The three paragraphs of your letters to me, which in substance you advised me formerly to introduce somewhere in the pamphlet, I concluded to insert in your own words, as anonymous quotations, and to note the fact in the prefatory Article. This method gave me the benefit of your language, without bringing you personally into view, which as to that part of the transaction, I supposed would be most agreeable to you.

I observe in Col: Hamilton’s address at Charleston two facts stated which tend to invalidate my view of the course heretofore pursued by this state. I allude to the alledged act for indemnifying citizens of this state condemned under the provisions of the Sedition act, and the alledged motive for building the armory. I had not adverted to the former, and not having the acts of the assembly in question in my possession, I am unable to decide how far it can be fairly construed to give support to the Nullifiers. If it preceded the Report of 1799, it ought to be explained as to its motives, by the provisions of the Report. In regard to the Armory, I had heard the suggestion which has been made by Col: Hamilton, but the Insurrection in Hanover, which happened about that time, and the want of a supply of arms from the Genl. Govt. were no doubt the true motives for the creation of that establishment. All the principal speakers on the Republican side at the Session of 1798, with Col: Taylor at their head, disavowed the intention of using force. I presume Col: Hamilton’s informant was the late Governor Giles. I always did believe Mr. Giles to be at the bottom of all the mischief in the State of South Carolina, by giving his countenance & support to the violent measures which they have adopted or proposed.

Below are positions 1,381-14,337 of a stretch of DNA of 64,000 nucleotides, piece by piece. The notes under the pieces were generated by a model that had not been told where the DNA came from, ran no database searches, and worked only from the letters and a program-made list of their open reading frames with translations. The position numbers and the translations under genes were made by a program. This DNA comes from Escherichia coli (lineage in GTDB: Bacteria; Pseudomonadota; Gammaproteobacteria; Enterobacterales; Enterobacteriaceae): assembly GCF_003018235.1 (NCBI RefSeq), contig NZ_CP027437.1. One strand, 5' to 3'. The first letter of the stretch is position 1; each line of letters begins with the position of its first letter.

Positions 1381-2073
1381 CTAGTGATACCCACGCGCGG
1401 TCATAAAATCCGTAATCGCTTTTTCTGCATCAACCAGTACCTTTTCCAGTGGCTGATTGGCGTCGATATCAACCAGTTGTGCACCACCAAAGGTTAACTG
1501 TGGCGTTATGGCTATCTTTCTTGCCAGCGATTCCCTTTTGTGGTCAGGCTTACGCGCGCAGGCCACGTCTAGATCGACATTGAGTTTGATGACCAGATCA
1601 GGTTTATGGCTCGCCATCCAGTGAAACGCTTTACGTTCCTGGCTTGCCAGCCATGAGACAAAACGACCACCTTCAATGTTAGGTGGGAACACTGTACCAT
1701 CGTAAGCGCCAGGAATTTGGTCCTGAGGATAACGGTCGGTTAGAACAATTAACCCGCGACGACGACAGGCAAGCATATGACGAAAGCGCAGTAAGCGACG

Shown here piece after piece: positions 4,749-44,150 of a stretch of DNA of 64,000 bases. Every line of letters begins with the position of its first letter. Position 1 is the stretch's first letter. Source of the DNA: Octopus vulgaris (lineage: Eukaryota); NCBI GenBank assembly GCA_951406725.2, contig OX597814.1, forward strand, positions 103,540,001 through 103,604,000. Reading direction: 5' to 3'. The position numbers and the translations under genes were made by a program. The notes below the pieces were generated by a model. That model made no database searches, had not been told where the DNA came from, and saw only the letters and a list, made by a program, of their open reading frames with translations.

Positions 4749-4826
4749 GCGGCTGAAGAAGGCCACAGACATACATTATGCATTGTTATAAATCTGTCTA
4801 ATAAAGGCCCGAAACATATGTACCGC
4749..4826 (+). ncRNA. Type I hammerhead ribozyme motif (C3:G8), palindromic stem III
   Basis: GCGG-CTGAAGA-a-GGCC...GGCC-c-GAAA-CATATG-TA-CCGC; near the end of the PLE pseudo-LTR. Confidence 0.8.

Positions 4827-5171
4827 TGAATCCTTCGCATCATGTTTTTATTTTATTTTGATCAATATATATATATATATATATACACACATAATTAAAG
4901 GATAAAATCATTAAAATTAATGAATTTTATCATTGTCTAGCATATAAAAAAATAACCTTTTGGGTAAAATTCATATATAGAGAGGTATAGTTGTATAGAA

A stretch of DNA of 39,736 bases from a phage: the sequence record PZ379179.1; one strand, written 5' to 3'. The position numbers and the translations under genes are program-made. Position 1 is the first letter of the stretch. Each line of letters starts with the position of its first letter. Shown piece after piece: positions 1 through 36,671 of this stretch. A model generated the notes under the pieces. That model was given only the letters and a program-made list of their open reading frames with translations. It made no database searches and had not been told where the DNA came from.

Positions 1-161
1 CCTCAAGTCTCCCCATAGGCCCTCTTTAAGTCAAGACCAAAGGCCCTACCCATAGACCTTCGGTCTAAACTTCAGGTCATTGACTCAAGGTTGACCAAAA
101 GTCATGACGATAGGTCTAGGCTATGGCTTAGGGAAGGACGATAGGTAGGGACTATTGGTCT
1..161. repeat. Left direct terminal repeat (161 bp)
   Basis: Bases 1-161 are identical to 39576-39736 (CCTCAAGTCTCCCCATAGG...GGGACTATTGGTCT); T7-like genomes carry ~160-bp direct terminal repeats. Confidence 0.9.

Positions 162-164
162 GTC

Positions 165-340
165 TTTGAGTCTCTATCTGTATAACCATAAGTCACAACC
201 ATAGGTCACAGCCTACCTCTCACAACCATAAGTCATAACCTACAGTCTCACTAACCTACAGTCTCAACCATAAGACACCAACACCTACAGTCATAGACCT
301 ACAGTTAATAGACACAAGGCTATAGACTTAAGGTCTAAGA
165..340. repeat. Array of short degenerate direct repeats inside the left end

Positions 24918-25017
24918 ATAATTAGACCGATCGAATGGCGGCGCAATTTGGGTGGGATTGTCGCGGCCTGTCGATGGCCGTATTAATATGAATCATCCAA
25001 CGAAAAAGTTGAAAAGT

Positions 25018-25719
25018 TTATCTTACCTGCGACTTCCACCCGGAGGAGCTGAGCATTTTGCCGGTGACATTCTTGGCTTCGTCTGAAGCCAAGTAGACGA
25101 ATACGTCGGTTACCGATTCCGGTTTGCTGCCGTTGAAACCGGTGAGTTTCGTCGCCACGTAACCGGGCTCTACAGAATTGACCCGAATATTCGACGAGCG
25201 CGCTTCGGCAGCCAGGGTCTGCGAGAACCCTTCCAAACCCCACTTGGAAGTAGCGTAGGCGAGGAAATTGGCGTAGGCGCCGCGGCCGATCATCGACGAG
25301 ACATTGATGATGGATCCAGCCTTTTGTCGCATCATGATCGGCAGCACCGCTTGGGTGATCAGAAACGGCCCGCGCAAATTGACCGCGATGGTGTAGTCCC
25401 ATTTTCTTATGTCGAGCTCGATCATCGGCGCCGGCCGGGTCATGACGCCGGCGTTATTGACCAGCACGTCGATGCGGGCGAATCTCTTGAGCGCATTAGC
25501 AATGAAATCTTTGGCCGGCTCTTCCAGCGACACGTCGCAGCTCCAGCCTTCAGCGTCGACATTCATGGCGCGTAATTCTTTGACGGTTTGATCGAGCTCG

Upon one point, I think Col: Drayton has misapprehended you. I allude to the right of a State to secede from the Union. In reading his remarks, it appeared to me that there must have been some misapprehension in this particular. It does not appear to have attracted public attention.

I write you under the influence of pain & sickness, having been caught on my way home in the storm of Wednesday night last.

Mrs. Tucker, Mrs. Cabell & our nieces unite with me in fervent wishes for the health & happiness of Mrs. Madison & yourself. Very respectfully & truly yours

Jos: C: Cabell

RC (DLC). Docketed by JM.

Index Entries